Democracy Index: Albania remains hybrid system between democracy and autocracy

Tirana Times
By Tirana Times January 9, 2019 09:56

Democracy Index: Albania remains hybrid system between democracy and autocracy

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  • The results for Albania have not changed over the last three years. In 2015, 2016 and 2017, it was again government functionality that received the lowest grade.

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TIRANA, Jan. 9 – British renowned magazine The Economist ranked Albania among the last in Europe in its 2018 Democracy Index, stating the country’s political system is a mixture between democracy and autocracy, without making any steps towards a full-functioning democracy.

The Democracy Index of the Economist’s Intelligence Unit observes 165 independent states and two territories, in five categories: election process and pluralism; civil liberties; the government functionality; political participation; and political culture.

Based on the results of each category, countries are then categorized into four types of regimes: full democracy, troubled democracy, hybrid regime – between autocracy and democracy, and authoritarian regimes.

Amongst these indicators, Albania’s lowest rating goes for goverment functionality, with a grade of 4.71 (in a 0-10 rating system), while the highest grade rating of 7.65 was awarded to its civil liberties. The electoral process and pluralism in Albania for 2018 is rated at grade 7, political participation is estimated at 5.56, while political culture is rated at grade 5. The overall score for Albania is 5.98.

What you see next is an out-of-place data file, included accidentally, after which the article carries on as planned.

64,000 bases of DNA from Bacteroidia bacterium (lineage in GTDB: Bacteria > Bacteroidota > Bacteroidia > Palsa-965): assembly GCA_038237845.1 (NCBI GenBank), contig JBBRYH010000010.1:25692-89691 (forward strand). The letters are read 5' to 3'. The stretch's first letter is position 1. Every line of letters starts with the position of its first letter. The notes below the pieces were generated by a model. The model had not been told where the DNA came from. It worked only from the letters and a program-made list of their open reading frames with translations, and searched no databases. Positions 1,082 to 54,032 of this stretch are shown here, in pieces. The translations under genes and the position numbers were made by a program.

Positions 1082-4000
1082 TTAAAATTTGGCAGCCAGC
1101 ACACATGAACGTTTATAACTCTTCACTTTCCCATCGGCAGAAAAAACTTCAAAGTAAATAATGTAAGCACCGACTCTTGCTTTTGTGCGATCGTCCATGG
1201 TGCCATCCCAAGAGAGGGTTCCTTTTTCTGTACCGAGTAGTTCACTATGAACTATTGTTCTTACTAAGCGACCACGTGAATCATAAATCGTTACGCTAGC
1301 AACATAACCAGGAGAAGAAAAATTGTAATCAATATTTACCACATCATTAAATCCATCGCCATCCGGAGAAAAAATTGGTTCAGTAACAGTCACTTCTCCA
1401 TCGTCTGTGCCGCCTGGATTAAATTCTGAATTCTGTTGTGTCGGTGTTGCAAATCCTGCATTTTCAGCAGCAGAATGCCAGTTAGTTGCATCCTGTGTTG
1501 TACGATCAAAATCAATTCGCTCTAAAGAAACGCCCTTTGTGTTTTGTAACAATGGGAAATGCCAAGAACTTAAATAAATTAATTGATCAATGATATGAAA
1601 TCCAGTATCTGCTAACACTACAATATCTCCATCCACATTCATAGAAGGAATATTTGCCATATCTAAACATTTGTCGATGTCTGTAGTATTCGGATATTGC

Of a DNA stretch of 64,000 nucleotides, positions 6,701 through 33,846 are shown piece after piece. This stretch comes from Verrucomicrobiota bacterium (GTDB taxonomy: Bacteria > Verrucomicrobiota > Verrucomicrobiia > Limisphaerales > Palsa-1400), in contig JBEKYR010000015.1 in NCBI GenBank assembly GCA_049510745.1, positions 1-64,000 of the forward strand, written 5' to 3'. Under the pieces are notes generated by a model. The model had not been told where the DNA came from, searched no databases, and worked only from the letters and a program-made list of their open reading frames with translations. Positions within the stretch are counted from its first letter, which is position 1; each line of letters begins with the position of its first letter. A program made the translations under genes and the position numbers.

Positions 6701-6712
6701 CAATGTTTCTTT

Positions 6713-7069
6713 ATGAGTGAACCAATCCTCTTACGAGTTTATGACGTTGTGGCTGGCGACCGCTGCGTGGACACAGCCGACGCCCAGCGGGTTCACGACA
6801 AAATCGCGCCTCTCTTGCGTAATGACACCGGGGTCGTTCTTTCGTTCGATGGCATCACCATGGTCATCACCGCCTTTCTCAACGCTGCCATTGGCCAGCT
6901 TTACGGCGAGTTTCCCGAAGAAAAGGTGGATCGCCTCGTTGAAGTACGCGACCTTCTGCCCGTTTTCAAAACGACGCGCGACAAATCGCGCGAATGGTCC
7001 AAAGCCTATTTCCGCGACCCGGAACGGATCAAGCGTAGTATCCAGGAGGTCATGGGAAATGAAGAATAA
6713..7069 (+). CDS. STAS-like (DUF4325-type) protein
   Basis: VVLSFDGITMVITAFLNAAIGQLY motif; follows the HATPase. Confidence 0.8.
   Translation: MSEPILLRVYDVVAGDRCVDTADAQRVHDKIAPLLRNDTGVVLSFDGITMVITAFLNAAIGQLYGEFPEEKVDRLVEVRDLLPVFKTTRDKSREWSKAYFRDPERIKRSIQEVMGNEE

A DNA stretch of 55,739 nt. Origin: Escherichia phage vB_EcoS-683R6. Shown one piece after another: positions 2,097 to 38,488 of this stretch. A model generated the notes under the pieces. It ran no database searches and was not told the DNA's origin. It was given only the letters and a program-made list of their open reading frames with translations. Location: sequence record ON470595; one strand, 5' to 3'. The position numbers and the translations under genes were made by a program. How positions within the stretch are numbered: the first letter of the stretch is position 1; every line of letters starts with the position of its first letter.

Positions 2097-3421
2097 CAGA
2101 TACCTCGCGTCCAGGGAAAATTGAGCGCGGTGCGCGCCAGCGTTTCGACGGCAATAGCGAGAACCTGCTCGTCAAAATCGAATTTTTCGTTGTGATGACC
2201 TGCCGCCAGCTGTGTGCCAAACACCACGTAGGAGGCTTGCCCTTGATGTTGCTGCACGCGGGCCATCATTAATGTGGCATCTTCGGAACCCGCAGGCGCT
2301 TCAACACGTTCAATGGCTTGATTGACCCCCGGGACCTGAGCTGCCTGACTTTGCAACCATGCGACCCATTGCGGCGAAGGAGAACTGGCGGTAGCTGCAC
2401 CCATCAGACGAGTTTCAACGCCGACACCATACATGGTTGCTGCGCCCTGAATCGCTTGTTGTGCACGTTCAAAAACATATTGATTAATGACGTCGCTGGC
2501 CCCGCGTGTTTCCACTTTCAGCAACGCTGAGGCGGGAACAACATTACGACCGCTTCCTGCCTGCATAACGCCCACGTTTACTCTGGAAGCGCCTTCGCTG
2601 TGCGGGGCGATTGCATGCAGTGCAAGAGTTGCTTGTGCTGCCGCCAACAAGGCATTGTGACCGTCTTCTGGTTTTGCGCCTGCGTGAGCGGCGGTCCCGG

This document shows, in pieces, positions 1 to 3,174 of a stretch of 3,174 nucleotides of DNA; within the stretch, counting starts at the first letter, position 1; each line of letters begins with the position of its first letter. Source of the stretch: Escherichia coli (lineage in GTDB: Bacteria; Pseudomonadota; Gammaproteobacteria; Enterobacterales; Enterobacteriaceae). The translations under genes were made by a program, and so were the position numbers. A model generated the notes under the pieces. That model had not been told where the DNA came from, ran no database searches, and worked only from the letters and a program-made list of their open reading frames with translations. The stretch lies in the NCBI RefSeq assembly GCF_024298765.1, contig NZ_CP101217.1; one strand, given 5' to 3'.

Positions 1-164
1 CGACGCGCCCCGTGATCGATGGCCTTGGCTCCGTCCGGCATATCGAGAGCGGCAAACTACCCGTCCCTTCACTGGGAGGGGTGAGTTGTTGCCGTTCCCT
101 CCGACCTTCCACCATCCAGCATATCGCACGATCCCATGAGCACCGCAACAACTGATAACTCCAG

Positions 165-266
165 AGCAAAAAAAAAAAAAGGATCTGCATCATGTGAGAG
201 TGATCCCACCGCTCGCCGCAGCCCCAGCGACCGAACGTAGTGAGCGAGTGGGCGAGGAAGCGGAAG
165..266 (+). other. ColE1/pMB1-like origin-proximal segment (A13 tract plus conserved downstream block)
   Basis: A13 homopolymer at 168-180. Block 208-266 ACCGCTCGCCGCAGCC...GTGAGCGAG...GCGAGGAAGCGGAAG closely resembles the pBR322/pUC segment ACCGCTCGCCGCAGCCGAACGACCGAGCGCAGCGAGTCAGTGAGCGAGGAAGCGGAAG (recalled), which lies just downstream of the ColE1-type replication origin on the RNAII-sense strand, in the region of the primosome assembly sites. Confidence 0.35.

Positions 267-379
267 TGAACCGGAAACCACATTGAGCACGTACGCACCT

The results for Albania have not changed over the last three years. In 2015, 2016 and 2017, it was again government functionality that received the lowest grade.

Evaluation as a country with a hybrid regime comes as a result of government non-functionality, electoral irregularities, spread of corruption, weak rule of law and the lack of an independent judicial system.

The report particularly highlights the country’s main parties’ inability to cooperate, thus becoming a democracy stagnation factor.

At international level, Norway ranks first as the country with the highest rating in all observed indicators. Then rank Iceland and Sweden. In fourth place is New Zealand, while in fifth place comes Denmark.

North Korea remains at the end of the classification with a score of 1.08 out of 10 points in total.
Costa Rica is the only country that climbed up the rank in 2018, moving from a country with troubled democracy to a country with full democracy.

The report notes that over the last decade, among the 60 indexes that value the index in total, the most significant improvement occurred in the participation of women in politics. This progress can be easily illustrated by the percentage of women in the US Congress, which this year reached the highest level so far, at 20.3 percent.

 

Tirana Times
By Tirana Times January 9, 2019 09:56